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Travelogue Ireland 2: Kilkenny

18 November 2017

We woke to a grey but dry morning in Dublin (winning!) and walked through the town to the Avis office to fetch the car we’d rented for our roadtrip.

Dublin is a very easy city to navigate (once you’ve been around it once or twice, which we had thanks to the walking tour) and the crisp morning made for a great walk in the fresh air.

We drove the car back to our hotel to collect our bags and check out, and were on the road by late morning.

We had 88km to take us to the first stop, Rock of Dunamase, which took just over an hour of easy driving on the open highway.

You couldn’t miss the Rock, as a 46m outcrop protruding sharply from the mostly flat plains of the farms surrounding it. The ruins of Dunamase Castle perched on top of the Rock made for a dramatic silhouette on the skyline, less daunting as you drive round to the entrance at the back, off a country cul de sac providing access to the Castle and its neighbour, a quaint little Church complete with creepy Cemetary.

We’d downloaded an audio guide off an Irish Heritage website which talked us through the outer gates, over where the moat would have been, through where the portcullis would have been, under the Murder Hole where the defenders would have rained boiling oil or buckets of excrement on invaders and into the inner Barbican.

The first known inhabitants of this hilltop built a fort in the early 9th century but were soon pillaged by the Vikings in 842. The Castle was only built much later in the latter half of the 12th Century and became the most important fortification in Laoise (pronounced “leash”) with the Norman invasion and then was a pawn in all sorts of wheeling and dealing until it fell into ruin by the 1350s.

After our wander, we drove the 7km to the next town, Portlaoise (“port leash”) to grab some lunch.

We parked on the edge of town and ambled along the narrow high street, window shopping and enjoying the relaxed pace.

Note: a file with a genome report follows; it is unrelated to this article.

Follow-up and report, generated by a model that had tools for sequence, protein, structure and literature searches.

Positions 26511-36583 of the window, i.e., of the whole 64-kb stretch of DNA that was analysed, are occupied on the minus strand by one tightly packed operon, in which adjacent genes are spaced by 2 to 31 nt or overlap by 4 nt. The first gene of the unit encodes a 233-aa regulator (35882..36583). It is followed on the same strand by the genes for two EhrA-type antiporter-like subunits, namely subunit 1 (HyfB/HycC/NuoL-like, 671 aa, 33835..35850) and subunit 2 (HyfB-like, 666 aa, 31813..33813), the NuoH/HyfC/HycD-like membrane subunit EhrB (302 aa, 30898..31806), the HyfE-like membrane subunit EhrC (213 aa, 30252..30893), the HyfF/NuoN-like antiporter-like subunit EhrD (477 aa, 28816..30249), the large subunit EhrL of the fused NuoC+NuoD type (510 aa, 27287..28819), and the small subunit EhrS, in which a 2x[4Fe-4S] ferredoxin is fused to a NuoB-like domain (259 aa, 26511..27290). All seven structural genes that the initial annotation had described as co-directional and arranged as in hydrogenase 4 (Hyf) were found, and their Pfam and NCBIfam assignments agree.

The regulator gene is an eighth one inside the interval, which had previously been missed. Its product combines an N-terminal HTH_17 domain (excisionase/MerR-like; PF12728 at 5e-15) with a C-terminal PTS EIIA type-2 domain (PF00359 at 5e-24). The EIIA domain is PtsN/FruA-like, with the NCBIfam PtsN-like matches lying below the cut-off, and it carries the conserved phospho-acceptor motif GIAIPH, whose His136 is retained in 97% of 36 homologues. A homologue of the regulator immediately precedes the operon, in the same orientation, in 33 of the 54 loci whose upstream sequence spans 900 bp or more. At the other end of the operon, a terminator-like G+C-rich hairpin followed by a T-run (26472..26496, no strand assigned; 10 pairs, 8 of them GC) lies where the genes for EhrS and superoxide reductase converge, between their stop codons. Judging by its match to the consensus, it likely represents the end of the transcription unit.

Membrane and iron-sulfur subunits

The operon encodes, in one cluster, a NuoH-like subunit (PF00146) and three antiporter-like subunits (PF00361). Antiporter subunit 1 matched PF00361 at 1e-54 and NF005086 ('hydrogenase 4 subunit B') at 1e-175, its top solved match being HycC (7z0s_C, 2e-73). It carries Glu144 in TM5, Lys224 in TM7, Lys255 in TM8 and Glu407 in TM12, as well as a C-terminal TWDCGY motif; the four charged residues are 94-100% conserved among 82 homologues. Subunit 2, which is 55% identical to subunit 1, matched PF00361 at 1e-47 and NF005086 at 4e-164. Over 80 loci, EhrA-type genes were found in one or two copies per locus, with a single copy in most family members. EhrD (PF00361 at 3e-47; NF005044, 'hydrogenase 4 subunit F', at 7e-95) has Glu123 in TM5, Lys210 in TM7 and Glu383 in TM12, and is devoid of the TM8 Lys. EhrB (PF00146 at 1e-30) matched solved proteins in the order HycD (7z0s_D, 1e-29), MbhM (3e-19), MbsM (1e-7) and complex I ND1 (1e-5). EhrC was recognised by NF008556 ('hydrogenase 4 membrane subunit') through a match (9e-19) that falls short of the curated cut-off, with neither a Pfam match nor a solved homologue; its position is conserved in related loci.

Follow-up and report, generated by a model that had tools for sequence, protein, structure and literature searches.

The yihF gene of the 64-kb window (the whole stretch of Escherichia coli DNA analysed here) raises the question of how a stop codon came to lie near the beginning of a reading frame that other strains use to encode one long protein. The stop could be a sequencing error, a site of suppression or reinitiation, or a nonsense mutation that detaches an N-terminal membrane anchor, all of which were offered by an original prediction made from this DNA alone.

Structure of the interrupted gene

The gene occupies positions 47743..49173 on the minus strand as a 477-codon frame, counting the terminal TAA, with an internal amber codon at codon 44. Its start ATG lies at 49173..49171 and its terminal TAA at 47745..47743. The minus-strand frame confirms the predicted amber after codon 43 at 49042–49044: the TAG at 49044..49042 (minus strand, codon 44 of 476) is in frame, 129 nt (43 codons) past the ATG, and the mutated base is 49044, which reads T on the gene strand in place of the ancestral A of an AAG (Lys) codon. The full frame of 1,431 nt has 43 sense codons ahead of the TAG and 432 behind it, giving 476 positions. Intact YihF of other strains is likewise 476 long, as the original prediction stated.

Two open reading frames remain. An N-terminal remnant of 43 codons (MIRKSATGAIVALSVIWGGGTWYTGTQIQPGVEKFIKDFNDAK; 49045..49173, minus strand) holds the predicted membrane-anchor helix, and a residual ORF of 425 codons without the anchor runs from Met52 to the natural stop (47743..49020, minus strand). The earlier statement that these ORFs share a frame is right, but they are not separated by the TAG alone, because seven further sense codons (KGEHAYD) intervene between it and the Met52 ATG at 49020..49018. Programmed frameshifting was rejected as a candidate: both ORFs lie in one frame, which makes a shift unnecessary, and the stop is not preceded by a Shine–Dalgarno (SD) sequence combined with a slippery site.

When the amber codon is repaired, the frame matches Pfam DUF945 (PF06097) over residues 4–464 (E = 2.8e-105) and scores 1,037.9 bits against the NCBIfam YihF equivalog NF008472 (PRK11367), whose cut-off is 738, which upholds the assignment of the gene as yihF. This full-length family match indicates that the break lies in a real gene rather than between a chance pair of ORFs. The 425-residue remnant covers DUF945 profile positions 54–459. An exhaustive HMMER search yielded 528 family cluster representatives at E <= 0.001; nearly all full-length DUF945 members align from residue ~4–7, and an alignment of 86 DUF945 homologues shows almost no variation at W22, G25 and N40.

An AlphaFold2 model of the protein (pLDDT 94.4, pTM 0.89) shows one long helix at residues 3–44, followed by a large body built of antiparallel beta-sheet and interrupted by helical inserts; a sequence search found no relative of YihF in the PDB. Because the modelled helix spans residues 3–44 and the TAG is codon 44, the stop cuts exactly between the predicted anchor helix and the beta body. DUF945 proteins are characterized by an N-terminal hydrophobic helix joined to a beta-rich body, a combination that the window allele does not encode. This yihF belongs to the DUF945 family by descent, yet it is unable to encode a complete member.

We found a warm and cosy mom ‘n pops deli (McCormack’s) and settled into the window counter to watch the day go by as we were served our shepherd’s pie and lasagne, with chips of course.

Fed and happy, we walked the remainder of the high street. Not much was open as we’d obviously caught the town between shops that shut at lunchtime and venues that opened for evening trade, but that didn’t matter because we were moving on anyway.

We only had 48km left of our day’s journey, so were in Kilkenny less than half an hour later, checking into our very homely B&B, Chaplin’s Guesthouse.

It had started to drizzle very lightly, but that didn’t deter us since Christian had remembered to pack our ‘holi-brollies’ (procured on our Baltic Cruise holiday) so we hit the streets and headed for the Castle.

Sadly, 2 wrong turns and early winter closing time left us arriving at the Castle as it was closing so, never ones to dwell on misfortune, we went to the Smithwick’s Brewery instead.

Not up for another hour of barleyhopsroastingtoasting stories, we had a wander around and felt enriched enough to hit the ‘in the field sampling’ with a clear (and educated) conscience.

Smithwick’s is situated at the tapered end of the teardrop-shaped Medieval Mile, so named because of the visible evidence in the architecture and layout of this portion of the city that Kilkenny was once the medieval capital of Ireland.

The Mile is home to 24 attractions in its narrow streetscape as a living exhibit that has visual clues like the Butter Slip, a narrow and dark walkway that cuts the teardrop in the middle to connect the outer roads and which housed the market’s butter vendors (because it is sheltered and cold) earning its name. It also has the conventional sights – town hall, city gate, cathedral – as well as a museum and a gallery for a well-rounded experience.